Three Zeta Phi Beta sisters at the sorority's first induction ceremony

New Zeta Phi Beta Chapter Fosters Community for a Lifetime

A college campus often offers an immediate family for students fortunate enough to make those kinds of close connections. Noelle Morgan ’22 knew a Zeta Phi Beta sorority chapter at WPI could offer that kind of transformative support system—so she started one.

After nearly three years of coordination and work, the Zeta Phi Beta, Inc., WPI chapter launched with a showcase ceremony and an induction this spring. Motivated by a firsthand insight of the powerful bonds within Greek communities, Morgan navigated the complicated process of working with WPI and the national Zeta organization to establish the sorority at WPI. Despite having to do some of the tasks while students were working remotely during COVID, she persevered and everything fell into place right before her graduation.

Throughout her childhood, Morgan says she was intrigued by the strangers who greeted her parents like old friends based entirely on the letters they were wearing on their clothes. “They would run into strangers on the street, and it was like instant family,” she recalls. “I experienced how much of a community it can foster among strangers, let alone a community in a college. I wanted that at WPI.”

Morgan, who graduated in May with a BS in electrical and computer engineering, knew having that kind of security and support in college would benefit her. And starting the historically Black Greek-letter organization at WPI would be an advantage to the university as a whole.

“This was to make sure there was a community for Black and Brown women on campus—to have a sister to look after you and support you,” she says. “This is what I wanted to create here. If something happens, you have someone you can contact and someone who can take care of you in ways that other people might not know how to do. I hope this encourages other Black and Brown women to choose WPI for their undergraduate degree because they do look for that when looking at colleges.”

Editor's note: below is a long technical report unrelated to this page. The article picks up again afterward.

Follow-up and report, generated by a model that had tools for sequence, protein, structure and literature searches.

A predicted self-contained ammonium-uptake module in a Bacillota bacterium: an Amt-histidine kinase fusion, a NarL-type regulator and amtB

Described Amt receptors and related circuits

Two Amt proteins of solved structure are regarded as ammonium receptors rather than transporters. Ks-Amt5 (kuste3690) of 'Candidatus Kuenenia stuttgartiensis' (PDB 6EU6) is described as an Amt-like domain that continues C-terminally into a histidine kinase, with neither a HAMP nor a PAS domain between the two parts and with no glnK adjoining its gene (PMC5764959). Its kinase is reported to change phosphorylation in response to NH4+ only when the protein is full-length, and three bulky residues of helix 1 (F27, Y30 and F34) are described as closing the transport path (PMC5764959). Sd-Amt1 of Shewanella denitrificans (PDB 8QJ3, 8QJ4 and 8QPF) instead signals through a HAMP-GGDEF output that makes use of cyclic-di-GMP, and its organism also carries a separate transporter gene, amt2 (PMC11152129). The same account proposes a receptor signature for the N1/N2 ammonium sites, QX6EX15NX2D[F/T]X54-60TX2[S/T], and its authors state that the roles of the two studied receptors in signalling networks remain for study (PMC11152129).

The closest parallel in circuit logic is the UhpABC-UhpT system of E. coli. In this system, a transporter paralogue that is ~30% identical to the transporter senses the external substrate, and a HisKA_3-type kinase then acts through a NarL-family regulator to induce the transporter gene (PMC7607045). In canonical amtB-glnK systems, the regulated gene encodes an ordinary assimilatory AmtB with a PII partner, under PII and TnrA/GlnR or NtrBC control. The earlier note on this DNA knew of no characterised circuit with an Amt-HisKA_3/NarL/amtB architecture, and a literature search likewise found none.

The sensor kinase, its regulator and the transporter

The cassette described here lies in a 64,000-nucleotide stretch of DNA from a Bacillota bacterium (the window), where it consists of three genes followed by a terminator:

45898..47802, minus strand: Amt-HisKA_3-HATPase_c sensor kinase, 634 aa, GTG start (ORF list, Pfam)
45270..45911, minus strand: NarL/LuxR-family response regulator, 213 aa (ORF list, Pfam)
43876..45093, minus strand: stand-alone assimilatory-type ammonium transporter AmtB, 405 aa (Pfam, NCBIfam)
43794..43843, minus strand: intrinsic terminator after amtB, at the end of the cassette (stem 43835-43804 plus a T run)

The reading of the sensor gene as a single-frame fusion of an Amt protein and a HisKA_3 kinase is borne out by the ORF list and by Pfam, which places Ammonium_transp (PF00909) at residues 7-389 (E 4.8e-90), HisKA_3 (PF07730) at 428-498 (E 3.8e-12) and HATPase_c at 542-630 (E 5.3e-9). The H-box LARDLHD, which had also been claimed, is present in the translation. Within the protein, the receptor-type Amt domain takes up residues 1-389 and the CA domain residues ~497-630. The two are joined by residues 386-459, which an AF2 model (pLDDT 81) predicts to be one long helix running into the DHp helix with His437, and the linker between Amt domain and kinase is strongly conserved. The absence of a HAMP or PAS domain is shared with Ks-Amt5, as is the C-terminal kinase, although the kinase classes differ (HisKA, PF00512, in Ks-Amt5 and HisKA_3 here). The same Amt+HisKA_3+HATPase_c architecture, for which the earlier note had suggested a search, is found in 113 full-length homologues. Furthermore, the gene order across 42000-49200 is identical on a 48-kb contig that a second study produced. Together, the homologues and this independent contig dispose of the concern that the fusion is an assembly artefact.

When the sorority begins its first full academic year this fall, Morgan will participate as a graduate member of the organization while Marissa Desir ’23 will lead as the chapter’s first president. Desir, who learned of the sorority and jumped at the chance to get involved, says the feelings of pride and excitement permeated the new chapter, other chapters of Zeta Phi Beta Sorority and the other organizations of the National Panhellenic Council. “Once becoming a WPI student, I know how difficult it can be to find a community that’s welcoming for Black women,” Desir says. “We hope the Psi Phi [the official chapter name given by the national Zeta organization] chapter can cater to members who yearn to express their true selves and uniqueness.”

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